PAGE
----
Overview

The General Assembly is the world’s primary deliberative body with universal representation. While the 15-member Security Council grants unique veto rights to 5 countries, all 193 UN member states have equal voting rights in the General Assembly, making it unique among world bodies. The Assembly’s duties include:

  • Reviewing reports from the Security Council and the Economic and Social Council;
  • Making recommendations on international political cooperation;
  • Developing and systematizing international collaboration in economic, social, cultural, educational, and health fields;
  • Counseling and encouraging peaceful settlement of hostile situations amongst nations;
  • Appointing the Secretary-General in conjunction with the Security Council, electing the other ten non-permanent members of the Security Council, judges of the International Court of Justice, and members of the Economic and Social Council, and Human Rights Council; and
  • ·Setting the UN budget and approving budget-related decisions that affect the functioning of the UN Secretariat.

Voting and Sessions

Each September, a new General Assembly session convenes in New York City with two weeks of open debate during which many world leaders address the body directly. This event provides heads of state and government the only universal forum in which to address one another. After these world leaders return to their capitals, representatives from their missions in New York continue to debate issues in a session that typically suspends in late December and reconvenes as needed throughout the following year.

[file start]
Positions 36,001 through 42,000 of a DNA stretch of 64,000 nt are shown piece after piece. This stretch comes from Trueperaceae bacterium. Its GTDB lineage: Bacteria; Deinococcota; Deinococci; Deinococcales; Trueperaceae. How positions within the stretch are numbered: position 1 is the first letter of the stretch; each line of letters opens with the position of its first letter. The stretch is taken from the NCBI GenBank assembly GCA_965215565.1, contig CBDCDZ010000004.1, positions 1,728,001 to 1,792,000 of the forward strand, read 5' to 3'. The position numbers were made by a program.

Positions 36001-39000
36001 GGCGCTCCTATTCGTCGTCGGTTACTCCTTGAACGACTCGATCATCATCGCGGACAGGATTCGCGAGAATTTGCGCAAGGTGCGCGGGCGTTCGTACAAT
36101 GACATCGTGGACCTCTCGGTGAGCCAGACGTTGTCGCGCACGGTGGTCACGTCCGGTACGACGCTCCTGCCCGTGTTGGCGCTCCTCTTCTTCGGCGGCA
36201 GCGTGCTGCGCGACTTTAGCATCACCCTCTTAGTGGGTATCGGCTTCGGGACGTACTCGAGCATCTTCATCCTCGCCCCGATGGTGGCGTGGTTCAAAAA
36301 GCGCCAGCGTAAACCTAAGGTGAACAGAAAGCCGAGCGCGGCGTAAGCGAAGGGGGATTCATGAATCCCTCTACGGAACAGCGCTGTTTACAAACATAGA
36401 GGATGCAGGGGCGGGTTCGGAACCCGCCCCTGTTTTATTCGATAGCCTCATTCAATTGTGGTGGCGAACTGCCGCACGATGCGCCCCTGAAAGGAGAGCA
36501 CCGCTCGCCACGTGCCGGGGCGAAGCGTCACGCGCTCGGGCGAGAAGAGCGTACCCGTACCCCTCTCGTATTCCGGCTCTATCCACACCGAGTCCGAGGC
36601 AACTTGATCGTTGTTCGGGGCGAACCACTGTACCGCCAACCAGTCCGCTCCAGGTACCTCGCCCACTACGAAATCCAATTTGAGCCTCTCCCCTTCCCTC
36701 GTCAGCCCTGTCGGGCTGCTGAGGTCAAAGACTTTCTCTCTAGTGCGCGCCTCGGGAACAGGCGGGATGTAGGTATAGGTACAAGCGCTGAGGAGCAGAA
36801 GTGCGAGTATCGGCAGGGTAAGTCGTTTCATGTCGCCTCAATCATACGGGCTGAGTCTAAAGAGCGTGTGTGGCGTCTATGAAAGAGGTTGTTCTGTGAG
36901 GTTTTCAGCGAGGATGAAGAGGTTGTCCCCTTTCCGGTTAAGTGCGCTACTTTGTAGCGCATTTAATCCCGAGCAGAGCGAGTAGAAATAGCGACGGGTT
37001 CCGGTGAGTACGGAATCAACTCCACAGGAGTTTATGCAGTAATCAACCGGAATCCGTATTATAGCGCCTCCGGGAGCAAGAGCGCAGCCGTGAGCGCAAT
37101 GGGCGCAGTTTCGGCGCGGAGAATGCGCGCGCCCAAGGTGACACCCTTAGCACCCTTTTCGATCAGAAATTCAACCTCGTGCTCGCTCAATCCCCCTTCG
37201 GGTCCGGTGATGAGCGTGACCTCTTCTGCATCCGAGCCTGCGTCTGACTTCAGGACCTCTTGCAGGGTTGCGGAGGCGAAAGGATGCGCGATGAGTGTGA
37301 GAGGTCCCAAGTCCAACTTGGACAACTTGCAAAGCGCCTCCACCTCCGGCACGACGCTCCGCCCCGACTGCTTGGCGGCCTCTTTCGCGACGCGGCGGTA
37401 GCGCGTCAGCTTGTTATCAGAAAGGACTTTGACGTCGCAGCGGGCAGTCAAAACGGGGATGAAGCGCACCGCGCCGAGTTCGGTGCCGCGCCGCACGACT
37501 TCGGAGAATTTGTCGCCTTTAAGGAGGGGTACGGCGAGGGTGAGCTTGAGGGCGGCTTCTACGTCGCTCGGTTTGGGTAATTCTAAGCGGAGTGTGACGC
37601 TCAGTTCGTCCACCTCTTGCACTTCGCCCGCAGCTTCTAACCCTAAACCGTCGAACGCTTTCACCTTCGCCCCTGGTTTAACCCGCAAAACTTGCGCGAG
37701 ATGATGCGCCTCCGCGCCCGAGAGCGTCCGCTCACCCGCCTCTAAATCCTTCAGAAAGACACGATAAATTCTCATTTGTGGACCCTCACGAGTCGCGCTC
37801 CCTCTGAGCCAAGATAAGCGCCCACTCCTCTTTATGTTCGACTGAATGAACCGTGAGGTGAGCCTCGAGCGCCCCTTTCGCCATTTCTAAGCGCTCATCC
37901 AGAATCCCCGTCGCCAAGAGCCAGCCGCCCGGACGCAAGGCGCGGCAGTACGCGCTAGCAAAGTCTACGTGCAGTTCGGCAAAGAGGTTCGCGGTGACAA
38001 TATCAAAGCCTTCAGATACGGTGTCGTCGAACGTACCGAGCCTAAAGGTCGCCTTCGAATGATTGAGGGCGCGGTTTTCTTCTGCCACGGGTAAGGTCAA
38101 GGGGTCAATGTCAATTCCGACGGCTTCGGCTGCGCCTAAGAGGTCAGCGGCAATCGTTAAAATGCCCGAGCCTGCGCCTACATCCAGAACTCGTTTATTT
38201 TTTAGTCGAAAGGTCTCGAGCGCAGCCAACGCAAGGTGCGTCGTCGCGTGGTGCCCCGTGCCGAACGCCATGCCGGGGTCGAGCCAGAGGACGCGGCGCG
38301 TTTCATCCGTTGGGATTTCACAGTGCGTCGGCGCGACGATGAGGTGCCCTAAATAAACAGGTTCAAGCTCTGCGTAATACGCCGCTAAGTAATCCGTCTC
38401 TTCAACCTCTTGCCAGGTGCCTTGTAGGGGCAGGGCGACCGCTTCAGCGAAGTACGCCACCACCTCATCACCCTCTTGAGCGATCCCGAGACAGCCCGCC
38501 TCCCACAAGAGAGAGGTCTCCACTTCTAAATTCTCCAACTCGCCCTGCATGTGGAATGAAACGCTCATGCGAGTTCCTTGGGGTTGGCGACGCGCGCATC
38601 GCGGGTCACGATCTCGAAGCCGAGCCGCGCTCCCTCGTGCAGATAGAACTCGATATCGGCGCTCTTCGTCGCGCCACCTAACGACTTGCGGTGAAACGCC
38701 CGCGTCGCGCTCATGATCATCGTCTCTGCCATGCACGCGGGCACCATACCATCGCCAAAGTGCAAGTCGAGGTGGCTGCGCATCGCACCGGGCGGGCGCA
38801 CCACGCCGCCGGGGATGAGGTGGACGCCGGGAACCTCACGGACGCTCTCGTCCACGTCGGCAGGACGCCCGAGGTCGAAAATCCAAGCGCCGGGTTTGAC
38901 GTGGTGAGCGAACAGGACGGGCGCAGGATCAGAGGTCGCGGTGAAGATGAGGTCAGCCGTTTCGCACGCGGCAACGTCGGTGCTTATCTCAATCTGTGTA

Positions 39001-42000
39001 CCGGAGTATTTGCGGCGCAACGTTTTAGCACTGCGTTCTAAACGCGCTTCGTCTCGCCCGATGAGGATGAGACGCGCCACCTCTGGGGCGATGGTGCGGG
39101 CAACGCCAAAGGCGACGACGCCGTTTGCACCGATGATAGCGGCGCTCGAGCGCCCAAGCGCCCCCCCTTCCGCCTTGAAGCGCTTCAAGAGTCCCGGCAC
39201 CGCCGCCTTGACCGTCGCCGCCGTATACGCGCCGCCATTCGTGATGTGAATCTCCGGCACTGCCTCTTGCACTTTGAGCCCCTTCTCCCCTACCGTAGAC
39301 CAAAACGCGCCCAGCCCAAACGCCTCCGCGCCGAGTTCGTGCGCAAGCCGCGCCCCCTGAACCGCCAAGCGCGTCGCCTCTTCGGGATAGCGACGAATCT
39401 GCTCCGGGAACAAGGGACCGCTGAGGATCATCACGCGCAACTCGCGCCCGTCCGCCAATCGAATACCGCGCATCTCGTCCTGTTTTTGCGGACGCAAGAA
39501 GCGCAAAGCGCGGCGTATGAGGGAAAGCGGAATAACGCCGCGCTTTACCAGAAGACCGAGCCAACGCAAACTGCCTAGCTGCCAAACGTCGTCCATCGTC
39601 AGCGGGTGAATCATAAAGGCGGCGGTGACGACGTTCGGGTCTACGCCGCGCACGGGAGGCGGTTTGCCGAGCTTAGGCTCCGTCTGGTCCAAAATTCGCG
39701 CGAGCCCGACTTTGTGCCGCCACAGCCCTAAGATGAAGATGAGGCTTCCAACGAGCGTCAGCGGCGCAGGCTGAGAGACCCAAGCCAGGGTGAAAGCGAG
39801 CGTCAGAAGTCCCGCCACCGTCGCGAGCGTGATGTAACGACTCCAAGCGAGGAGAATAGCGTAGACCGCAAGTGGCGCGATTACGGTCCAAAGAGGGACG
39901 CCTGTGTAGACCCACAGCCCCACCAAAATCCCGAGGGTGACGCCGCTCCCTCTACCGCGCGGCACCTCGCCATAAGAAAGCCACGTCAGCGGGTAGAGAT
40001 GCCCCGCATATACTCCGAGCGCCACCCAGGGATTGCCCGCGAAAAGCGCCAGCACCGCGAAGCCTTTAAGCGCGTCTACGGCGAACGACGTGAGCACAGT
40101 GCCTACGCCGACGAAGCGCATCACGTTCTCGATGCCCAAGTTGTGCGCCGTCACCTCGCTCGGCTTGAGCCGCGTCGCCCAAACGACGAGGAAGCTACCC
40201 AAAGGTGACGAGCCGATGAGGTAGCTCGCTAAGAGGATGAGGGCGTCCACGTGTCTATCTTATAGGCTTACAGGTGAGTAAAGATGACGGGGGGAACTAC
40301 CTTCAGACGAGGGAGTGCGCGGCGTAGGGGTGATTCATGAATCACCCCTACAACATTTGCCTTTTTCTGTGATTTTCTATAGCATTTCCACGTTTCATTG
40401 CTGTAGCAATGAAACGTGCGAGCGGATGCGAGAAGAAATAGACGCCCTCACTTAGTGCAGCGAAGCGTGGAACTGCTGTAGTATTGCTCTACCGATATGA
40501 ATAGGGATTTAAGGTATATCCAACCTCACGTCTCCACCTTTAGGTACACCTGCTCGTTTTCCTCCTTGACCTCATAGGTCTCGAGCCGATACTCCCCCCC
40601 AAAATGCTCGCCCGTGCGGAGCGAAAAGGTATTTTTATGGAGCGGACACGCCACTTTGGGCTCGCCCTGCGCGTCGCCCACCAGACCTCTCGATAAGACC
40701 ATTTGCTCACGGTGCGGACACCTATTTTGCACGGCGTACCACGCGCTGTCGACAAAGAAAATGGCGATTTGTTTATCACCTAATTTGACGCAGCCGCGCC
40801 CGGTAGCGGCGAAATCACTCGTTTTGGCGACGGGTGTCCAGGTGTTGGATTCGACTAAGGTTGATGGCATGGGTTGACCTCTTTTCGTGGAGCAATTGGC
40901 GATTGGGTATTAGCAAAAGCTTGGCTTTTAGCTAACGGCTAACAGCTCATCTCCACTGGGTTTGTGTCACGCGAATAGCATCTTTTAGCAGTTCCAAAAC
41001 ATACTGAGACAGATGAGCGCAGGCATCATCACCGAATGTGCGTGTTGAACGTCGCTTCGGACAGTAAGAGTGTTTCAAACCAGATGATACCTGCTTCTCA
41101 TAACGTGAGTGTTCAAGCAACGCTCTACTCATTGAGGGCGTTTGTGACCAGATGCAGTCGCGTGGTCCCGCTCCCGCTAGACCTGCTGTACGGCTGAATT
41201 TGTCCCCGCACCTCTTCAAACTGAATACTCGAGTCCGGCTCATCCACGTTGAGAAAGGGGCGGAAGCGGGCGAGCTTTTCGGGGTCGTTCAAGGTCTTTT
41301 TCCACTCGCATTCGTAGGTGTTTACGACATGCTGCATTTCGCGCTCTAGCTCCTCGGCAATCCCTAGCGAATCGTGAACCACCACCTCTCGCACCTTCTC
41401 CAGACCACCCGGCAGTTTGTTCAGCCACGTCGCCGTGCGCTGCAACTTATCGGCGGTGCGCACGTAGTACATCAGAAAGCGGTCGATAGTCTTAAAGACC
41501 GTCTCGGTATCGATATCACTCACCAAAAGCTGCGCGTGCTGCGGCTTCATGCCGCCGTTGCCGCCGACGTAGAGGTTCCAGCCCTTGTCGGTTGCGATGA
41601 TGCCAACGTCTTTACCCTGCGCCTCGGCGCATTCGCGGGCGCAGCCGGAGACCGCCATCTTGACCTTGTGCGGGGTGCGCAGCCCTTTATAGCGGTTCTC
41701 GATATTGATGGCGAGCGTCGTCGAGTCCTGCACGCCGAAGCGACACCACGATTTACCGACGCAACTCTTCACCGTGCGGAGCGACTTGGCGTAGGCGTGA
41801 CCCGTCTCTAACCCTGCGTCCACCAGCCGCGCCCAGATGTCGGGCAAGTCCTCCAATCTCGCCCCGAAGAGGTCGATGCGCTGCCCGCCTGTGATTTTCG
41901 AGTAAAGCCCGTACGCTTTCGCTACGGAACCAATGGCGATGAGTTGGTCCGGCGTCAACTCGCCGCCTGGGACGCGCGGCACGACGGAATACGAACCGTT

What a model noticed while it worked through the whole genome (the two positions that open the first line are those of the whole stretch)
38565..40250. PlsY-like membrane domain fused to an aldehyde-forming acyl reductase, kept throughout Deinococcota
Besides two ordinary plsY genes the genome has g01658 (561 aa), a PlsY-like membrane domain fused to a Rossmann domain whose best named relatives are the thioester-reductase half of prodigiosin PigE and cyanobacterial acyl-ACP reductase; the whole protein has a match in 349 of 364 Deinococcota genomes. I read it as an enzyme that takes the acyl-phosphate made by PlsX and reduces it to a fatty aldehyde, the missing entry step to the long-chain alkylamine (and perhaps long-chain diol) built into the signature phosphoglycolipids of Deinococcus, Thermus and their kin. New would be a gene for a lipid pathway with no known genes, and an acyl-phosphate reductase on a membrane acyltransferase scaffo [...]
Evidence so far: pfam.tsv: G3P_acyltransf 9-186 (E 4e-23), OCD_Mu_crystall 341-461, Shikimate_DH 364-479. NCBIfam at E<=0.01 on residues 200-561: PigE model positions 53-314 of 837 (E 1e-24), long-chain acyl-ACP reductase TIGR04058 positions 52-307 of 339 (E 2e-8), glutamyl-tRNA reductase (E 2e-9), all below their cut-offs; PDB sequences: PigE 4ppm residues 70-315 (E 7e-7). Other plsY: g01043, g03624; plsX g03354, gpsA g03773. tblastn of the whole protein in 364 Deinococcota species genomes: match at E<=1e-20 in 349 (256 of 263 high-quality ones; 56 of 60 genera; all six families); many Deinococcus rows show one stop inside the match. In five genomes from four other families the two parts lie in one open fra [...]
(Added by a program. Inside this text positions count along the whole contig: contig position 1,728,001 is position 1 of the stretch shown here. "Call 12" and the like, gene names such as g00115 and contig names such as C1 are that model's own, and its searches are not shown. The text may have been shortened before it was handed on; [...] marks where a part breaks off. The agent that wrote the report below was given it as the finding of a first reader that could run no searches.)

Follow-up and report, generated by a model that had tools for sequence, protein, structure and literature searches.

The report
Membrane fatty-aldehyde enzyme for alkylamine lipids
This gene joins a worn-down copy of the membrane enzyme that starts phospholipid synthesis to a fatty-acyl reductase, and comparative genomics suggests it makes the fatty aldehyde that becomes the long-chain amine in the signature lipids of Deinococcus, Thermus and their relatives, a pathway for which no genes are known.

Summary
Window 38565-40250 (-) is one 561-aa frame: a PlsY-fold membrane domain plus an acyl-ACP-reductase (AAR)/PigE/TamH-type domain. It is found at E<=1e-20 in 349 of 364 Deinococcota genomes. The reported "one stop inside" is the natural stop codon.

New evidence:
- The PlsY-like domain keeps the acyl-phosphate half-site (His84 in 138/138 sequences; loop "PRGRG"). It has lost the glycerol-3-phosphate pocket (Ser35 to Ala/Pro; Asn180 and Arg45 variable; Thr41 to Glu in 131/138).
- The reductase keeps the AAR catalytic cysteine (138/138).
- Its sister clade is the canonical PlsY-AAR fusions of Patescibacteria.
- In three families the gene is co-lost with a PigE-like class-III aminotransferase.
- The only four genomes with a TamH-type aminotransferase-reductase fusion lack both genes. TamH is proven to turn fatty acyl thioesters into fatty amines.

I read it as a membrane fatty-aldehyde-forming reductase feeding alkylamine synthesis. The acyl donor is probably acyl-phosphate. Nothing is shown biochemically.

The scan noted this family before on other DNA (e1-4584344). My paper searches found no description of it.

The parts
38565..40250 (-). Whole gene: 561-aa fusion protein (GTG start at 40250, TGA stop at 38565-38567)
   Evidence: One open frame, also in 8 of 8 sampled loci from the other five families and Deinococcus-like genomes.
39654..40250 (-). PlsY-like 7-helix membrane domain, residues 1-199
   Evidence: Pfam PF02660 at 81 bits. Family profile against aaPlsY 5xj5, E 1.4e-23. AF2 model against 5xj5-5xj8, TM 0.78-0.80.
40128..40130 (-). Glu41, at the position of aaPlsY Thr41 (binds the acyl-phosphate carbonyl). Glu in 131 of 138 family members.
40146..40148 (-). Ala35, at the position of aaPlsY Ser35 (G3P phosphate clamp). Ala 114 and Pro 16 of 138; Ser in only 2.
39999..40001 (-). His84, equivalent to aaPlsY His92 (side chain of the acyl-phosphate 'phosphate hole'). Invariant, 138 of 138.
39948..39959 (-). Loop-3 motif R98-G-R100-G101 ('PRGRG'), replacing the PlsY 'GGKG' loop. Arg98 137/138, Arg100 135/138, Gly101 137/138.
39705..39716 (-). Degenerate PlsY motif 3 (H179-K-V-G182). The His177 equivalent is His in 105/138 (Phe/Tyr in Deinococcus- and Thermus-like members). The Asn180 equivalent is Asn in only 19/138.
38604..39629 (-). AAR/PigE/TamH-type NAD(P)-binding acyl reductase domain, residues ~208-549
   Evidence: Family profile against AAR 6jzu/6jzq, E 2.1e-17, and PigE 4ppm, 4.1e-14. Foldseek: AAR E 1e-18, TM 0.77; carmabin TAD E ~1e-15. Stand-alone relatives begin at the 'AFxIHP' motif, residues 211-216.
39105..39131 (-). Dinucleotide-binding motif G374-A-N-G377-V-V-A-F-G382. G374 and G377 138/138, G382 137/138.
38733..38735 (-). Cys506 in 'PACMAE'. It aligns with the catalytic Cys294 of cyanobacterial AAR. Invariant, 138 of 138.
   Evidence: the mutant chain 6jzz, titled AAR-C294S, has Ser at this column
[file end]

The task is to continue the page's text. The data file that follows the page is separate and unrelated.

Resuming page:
All 193 UN member states vote in the General Assembly. Recommendations on peace and security, the election of members to organs, the admission, suspension, and expulsion of members, and budgetary matters all require a two-thirds majority of those present and voting to pass. Resolutions on other matters require a simple majority, and budgets are in practice now adopted by consensus. Aside from budgetary matters that relate to setting the budget for the UN Secretariat, General Assembly resolutions are non-binding on member states.

History and Relevance

Although General Assembly resolutions are not legally binding on member states, they often have a dramatic and lasting effect. The Universal Declaration of Human Rights is, perhaps, the most famous General Assembly Declaration. Adopted in 1948, largely due to the efforts of former First Lady Eleanor Roosevelt, this document has become the international guidebook for human rights.

In 2000, the Assembly adopted the Millennium Development Goals (MDGs), eight benchmarks related to reducing poverty, hunger, illiteracy, disease, gender inequality, and child mortality that the international community was tasked with achieving by 2015. In 2005, the General Assembly passed a resolution, the World Summit Outcome, for comprehensive reform to make the organization more efficient, transparent, and accountable and enable it to better address human rights, peacebuilding, and protection challenges. In September 2015, building on the MDGs, the Assembly adopted a set of 17 Sustainable Development Goals (SDGs) to provide a framework for international development efforts through 2030.